“A thing is right when it tends to preserve the integrity, stability and beauty of the biotic community. It is wrong when it tends otherwise.”
Aldo Leopold, A Sand County Almanac
Along much of Seattle’s freshwater shorelines, seemingly isolated problems like erosion and shading are compounded and repeated by docks, piers, and houseboats. This results in a much bigger ecological problem: the erasure of the critical nearshore habitat that supports all life in the lake. What innovations in nearshore infrastructure design can provide multifunctional benefits for people and the environment?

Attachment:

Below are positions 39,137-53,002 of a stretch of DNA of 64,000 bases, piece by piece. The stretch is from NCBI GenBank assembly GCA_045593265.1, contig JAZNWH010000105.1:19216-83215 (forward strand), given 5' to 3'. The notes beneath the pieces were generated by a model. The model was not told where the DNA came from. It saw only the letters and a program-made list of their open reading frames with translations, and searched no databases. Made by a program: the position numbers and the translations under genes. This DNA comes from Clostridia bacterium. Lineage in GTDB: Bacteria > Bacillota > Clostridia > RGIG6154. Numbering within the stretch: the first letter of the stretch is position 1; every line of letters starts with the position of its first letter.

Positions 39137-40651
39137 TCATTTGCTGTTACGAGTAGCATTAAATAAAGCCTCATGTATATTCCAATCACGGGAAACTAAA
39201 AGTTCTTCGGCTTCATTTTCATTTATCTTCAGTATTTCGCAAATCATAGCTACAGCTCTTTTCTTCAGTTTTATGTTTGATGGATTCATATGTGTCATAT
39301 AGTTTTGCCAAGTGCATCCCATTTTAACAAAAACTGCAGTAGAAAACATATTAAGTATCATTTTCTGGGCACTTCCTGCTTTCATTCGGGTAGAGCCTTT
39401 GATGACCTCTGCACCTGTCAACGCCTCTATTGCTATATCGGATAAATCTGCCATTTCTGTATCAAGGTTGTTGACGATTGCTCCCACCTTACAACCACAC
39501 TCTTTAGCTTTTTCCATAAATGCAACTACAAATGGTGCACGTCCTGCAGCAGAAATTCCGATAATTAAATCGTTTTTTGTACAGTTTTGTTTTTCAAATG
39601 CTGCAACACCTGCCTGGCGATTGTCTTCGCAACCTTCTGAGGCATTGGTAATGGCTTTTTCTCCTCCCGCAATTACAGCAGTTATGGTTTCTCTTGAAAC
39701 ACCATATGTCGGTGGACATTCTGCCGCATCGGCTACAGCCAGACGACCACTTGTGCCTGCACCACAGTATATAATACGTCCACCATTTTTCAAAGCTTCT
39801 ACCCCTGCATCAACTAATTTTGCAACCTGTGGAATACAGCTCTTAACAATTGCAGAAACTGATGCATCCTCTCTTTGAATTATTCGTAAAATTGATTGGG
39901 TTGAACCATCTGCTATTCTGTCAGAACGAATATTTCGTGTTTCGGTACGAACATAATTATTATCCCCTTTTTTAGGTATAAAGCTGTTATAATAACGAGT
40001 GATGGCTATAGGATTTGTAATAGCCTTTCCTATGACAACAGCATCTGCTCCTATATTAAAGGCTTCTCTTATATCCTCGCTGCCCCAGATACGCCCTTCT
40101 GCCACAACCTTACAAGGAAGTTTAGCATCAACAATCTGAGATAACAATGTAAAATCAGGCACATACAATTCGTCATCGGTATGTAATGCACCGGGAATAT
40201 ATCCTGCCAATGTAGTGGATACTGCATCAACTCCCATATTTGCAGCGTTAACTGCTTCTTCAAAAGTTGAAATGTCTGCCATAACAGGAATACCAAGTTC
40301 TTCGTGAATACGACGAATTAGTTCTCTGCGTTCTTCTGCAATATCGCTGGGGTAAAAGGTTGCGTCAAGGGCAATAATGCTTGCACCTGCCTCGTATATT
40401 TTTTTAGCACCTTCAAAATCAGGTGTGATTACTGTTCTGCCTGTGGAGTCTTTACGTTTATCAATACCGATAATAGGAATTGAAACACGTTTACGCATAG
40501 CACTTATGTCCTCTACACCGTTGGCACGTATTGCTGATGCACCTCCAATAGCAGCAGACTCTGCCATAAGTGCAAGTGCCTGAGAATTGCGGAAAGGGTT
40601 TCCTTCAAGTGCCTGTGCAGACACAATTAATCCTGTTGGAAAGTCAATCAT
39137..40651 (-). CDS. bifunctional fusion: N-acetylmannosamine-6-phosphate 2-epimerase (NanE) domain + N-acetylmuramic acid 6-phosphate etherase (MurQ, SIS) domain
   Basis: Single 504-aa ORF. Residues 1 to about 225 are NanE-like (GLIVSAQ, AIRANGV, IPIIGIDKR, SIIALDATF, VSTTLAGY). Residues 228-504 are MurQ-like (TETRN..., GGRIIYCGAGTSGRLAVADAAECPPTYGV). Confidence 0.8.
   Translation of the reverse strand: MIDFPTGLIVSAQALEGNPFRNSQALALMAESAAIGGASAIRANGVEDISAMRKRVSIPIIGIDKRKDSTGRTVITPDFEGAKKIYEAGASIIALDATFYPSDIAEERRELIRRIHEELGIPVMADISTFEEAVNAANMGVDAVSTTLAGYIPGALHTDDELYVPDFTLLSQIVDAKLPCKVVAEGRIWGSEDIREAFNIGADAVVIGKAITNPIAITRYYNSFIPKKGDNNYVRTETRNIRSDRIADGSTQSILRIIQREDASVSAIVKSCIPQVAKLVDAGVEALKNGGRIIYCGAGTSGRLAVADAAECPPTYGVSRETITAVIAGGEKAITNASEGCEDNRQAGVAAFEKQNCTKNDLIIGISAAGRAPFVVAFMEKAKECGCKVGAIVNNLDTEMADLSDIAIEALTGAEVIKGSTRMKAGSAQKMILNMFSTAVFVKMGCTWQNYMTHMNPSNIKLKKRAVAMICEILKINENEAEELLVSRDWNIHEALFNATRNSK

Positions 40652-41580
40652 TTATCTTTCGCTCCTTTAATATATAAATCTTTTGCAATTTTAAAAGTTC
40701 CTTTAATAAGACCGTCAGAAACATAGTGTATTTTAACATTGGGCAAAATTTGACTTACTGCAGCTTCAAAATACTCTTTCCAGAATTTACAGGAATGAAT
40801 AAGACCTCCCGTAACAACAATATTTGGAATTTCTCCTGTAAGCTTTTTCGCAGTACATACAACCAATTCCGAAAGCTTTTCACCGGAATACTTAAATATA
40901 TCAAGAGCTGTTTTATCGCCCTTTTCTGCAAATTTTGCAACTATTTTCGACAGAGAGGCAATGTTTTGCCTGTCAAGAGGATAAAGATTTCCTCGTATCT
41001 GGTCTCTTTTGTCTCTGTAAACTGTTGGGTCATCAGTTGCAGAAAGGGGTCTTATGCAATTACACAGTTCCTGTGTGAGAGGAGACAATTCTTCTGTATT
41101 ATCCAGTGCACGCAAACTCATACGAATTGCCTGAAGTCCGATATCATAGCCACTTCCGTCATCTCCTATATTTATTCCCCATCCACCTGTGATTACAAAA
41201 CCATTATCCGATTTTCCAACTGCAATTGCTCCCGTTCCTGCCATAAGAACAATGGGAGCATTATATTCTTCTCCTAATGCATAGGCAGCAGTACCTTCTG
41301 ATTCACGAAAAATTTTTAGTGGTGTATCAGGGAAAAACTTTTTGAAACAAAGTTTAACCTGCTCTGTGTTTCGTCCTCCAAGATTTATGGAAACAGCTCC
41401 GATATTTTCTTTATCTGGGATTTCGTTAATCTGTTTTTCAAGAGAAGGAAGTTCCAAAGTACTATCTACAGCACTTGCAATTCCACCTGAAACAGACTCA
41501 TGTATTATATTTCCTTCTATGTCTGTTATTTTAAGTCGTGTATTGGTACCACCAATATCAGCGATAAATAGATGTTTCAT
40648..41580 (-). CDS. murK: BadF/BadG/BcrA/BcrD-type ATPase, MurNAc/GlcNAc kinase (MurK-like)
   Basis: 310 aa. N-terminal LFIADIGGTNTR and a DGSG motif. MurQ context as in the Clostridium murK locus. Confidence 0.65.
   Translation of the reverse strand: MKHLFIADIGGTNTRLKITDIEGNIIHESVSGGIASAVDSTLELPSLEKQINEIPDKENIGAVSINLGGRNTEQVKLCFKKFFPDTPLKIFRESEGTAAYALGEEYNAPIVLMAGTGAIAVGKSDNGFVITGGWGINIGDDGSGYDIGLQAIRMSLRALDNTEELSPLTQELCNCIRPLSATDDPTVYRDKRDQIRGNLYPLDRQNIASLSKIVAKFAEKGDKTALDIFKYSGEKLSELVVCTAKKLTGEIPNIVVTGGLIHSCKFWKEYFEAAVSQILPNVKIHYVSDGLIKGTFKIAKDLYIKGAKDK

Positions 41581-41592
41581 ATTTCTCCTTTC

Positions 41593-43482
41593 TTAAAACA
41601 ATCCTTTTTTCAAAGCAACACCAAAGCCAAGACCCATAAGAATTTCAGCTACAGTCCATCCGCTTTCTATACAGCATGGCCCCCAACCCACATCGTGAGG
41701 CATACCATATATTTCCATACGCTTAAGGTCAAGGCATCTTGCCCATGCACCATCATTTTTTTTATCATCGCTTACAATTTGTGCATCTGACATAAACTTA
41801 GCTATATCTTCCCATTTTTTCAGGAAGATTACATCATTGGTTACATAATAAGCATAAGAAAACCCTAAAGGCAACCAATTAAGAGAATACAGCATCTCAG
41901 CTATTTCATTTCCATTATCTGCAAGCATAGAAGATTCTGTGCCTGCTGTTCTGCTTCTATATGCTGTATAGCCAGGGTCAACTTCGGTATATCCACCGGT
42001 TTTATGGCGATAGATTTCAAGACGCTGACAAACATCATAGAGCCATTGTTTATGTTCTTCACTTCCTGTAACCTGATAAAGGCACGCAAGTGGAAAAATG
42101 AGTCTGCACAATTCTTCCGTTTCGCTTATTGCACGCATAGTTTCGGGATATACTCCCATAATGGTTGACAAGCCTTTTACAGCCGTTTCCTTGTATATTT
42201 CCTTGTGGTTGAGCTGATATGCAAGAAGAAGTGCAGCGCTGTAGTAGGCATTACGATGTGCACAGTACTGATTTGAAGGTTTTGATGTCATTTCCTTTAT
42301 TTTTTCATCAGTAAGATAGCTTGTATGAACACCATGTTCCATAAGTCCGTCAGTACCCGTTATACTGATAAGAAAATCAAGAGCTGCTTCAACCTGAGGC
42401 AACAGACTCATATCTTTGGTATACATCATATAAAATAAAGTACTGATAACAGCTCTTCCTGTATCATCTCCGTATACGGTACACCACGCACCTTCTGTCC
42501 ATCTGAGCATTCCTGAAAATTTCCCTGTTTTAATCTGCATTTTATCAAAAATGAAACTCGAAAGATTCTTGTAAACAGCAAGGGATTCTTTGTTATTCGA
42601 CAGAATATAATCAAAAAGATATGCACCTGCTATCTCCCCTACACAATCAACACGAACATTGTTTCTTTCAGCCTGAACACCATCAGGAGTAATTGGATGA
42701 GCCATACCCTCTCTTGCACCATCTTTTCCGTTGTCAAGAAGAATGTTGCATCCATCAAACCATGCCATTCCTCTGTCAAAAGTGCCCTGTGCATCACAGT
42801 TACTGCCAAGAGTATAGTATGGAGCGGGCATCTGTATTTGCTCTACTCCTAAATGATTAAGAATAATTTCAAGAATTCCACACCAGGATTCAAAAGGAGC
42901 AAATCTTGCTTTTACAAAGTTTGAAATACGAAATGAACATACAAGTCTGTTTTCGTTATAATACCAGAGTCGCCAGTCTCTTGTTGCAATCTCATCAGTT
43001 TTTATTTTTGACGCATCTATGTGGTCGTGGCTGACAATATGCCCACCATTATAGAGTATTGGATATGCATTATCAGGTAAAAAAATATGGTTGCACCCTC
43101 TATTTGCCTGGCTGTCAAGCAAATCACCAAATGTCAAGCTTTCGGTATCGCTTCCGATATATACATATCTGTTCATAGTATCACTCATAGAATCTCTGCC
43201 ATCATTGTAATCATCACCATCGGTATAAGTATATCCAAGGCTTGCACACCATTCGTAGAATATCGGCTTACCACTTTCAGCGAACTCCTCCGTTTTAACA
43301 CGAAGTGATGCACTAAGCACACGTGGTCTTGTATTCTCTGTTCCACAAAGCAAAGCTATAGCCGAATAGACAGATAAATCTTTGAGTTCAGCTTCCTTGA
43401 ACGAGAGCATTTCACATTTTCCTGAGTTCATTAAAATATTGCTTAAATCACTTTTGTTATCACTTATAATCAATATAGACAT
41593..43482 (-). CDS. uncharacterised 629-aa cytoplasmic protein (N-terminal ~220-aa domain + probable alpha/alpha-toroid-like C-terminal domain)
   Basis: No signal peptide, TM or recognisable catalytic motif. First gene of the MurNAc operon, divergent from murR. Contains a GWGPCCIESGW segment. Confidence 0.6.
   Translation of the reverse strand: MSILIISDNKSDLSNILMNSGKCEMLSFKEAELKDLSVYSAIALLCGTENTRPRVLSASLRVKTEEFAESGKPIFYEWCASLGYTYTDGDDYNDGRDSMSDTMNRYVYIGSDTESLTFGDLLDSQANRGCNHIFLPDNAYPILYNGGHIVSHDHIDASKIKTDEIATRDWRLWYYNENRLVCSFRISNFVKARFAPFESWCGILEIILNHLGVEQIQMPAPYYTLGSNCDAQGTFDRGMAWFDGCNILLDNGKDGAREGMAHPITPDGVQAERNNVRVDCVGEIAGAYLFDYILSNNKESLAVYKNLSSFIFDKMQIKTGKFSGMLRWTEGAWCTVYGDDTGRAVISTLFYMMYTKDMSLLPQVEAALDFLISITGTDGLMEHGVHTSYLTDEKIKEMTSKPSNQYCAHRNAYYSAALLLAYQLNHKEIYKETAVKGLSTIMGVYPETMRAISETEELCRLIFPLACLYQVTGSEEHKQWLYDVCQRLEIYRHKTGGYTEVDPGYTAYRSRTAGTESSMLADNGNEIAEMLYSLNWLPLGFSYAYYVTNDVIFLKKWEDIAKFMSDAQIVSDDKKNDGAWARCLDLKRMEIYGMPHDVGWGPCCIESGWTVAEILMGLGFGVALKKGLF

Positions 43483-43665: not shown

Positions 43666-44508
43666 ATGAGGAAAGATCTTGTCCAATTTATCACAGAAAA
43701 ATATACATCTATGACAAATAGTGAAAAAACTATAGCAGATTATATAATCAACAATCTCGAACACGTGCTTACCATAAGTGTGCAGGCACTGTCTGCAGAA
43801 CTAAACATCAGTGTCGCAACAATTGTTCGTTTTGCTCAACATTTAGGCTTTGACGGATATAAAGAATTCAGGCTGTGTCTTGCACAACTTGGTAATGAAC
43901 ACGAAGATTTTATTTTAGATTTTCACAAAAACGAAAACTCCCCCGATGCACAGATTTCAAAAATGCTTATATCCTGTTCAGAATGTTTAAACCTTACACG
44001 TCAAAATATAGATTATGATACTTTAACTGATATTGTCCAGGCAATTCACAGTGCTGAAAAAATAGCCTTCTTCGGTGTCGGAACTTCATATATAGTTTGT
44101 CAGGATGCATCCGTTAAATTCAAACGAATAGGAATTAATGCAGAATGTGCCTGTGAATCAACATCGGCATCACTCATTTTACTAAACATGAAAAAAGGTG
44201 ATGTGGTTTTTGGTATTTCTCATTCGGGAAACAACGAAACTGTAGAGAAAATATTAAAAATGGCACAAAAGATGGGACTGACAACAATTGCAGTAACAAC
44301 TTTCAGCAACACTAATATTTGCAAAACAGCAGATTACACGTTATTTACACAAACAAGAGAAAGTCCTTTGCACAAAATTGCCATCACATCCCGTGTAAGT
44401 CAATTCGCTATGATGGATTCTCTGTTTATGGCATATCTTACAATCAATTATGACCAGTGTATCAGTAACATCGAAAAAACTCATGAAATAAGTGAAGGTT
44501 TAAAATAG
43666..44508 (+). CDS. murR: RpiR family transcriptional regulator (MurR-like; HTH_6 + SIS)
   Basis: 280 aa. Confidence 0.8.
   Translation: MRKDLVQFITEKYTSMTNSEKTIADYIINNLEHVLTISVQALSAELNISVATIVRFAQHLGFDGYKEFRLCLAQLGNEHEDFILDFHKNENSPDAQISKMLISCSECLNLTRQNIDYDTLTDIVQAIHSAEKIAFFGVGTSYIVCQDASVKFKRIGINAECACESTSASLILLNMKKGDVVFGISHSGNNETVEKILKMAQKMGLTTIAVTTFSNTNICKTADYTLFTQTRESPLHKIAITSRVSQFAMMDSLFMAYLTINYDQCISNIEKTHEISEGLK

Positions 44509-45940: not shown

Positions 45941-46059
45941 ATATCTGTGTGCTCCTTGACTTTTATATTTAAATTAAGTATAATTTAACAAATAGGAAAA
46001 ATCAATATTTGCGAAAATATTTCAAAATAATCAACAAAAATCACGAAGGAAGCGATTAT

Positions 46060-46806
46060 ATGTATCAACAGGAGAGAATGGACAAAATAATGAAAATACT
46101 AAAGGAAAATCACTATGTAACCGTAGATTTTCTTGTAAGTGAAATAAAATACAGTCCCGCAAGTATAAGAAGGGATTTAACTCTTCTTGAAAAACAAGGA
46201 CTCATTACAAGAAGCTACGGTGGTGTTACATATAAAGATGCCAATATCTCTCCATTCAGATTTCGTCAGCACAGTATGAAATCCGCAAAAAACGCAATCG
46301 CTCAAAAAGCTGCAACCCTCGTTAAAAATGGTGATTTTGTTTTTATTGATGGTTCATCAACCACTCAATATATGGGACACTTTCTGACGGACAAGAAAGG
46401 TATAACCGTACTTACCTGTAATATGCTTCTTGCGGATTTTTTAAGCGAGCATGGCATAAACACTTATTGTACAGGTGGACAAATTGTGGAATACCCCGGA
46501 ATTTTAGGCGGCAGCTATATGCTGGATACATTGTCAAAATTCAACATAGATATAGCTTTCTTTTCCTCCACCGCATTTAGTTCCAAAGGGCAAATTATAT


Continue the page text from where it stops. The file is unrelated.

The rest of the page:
This design thesis considers the existing conditions of five representative zones along the University of Washington’s waterfront. Insights from restoration ecologists, engineers, local experts, and trends in aquatic infrastructure inform the design of this urban site. Pier Pressure proposes holistic solutions through a systems approach that enhances built interventions through ecological design.
Submitted for the degree of Master of Landscape Architecture at the University of Washington, 2020. Full document on issuu.